KEEPING LORD'S WORLD CLASS
Founded in 1787, Marylebone Cricket Club is the most active and famous cricket club in the world and owner of Lord's Cricket Ground - the Home of Cricket.
© Copyright 2013
Jonathan Agnew believes Brian Johnston’s presence is as strong as ever after launching his new book, 'Thanks, Johnners', a tribute to his late Test Match Special colleague.
Agnew was at the Home of Cricket to sign copies of the book, and spoke of his desire to ensure Johnston’s legacy reaches a new generation.
The BBC cricket correspondent first appeared on Test Match Special (TMS) in 1991 and instantly formed a bond with Johnston.
The pair were famously involved in the ‘leg over’ incident during a Test match between England and West Indies that summer - a moment which has gone down in broadcasting history.
Despite Johnston’s sudden death in 1994, Agnew wants his impact on the game - and on his own career - to be remembered.
Agnew said: "He’s still around.
"Barely a day goes by without Brian Johnston’s name coming up - be it email, on air, a couple of us chatting about him at the back of the box - that’s one reason why I've written this book.
"I wanted to tell people, who perhaps didn’t know Brian Johnston, a bit about him - the influence he had on me, as a broadcaster.
"His great skill, the reason people loved him, was that he just made people think he was talking to them individually.
"It doesn’t matter how many millions of people were listening it was Brian and he was talking to you. That’s a very rare thing.
"It really had a huge impact on me it really did.
"So it [the book] is a tribute and a thanks to him."
No TMS in ten years?
Agnew is worried however, about finding the next generation of ball-by-ball commentators to sustain the dynasty created by the likes of Johnston and MCC President Christopher Martin-Jenkins (CMJ)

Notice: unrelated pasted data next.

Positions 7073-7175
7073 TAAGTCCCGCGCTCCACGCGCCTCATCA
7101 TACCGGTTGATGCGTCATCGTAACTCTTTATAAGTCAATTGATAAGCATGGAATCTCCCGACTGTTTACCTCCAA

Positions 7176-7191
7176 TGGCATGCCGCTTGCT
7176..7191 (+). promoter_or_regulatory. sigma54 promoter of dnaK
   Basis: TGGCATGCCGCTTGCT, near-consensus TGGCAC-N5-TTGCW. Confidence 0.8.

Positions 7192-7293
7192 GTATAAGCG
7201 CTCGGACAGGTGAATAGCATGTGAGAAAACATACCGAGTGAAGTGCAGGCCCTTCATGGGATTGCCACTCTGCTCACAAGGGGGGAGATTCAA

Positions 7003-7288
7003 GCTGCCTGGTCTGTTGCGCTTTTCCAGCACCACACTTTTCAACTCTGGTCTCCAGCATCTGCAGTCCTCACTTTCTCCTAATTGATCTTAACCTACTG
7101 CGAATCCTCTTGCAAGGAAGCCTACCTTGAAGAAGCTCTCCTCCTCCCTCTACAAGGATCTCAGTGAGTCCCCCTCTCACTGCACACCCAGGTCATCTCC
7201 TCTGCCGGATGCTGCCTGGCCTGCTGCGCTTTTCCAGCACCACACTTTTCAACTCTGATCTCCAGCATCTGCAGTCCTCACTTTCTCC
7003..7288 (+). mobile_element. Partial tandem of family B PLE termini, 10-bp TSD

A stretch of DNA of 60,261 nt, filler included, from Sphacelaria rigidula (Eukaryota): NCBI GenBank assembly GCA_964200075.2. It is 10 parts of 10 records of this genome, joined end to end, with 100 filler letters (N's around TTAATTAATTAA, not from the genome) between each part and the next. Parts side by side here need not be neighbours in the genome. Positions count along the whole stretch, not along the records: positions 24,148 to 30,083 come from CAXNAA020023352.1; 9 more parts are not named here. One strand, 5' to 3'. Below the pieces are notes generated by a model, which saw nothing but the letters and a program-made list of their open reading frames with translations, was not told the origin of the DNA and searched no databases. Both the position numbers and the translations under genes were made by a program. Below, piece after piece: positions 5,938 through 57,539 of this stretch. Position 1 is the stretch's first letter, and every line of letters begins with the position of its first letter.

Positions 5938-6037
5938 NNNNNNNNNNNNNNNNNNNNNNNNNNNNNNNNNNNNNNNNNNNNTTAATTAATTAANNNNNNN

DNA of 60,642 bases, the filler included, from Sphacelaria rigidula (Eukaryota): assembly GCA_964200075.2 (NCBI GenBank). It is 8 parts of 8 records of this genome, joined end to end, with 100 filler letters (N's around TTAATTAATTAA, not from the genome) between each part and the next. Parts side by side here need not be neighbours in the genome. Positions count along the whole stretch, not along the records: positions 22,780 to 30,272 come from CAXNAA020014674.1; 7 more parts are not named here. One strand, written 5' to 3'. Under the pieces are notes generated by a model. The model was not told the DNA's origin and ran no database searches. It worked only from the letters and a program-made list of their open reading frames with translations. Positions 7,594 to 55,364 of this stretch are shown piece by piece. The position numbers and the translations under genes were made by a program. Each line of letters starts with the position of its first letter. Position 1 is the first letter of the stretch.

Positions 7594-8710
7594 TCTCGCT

"I don’t know where the next commentators are coming from, that’s my big worry. I just don’t see a pipeline.
"That’s not a dig at the BBC, I think they’re worried about it as well. I just don’t see the opportunity for young commentators now to get out there and learn how to do it.
"You’ve got to have it already to an extent - there’s something about your ability to broadcast which makes you a Test Match Special sort of a broadcaster which is not like anything else.
"These guys - Johnners - they’d comment on county cricket for hours. I’m really worried. I don’t see at the moment where TMS will be in ten years time.
Radio versus TV
"I don’t think you have to be an ex-pro to be a ball-by-ball commentator - Michael Vaughan isn’t ball-by-ball - this is where there’s a distinction on radio.
"That line is blurred on television - both commentators do the same role. I think their commentary is less descriptive, possibly you could say it’s less entertaining than it was.
"They’re ex-players talking about the game (I’d exclude David Lloyd from that, absolutely) what they see as far as technique - they’ve certainly improved people’s appreciation of that. But I think some of the entertainment’s gone.
"That is what your Brian Johnson’s, your Henry Blofeld’s your CMJs all these people who haven’t been top-class cricketers bring to it.
"I do think you have to have played, you have to have an eye for a bit of fun, entertainment, you have to have a nice voice - that’s the first thing that gets switched off, people just hit the button."
"Commentary is so much more than sitting there and saying ‘In comes so-and-so and bowls...’ it’s much much more than that.
"It comes back to TMS commentary. It’s that special ingredient that stands out the real successes on TMS and those that aren’t."
Fans of both Johnston and Agnew would agree that both have been "successes" on the beloved Test Match Special.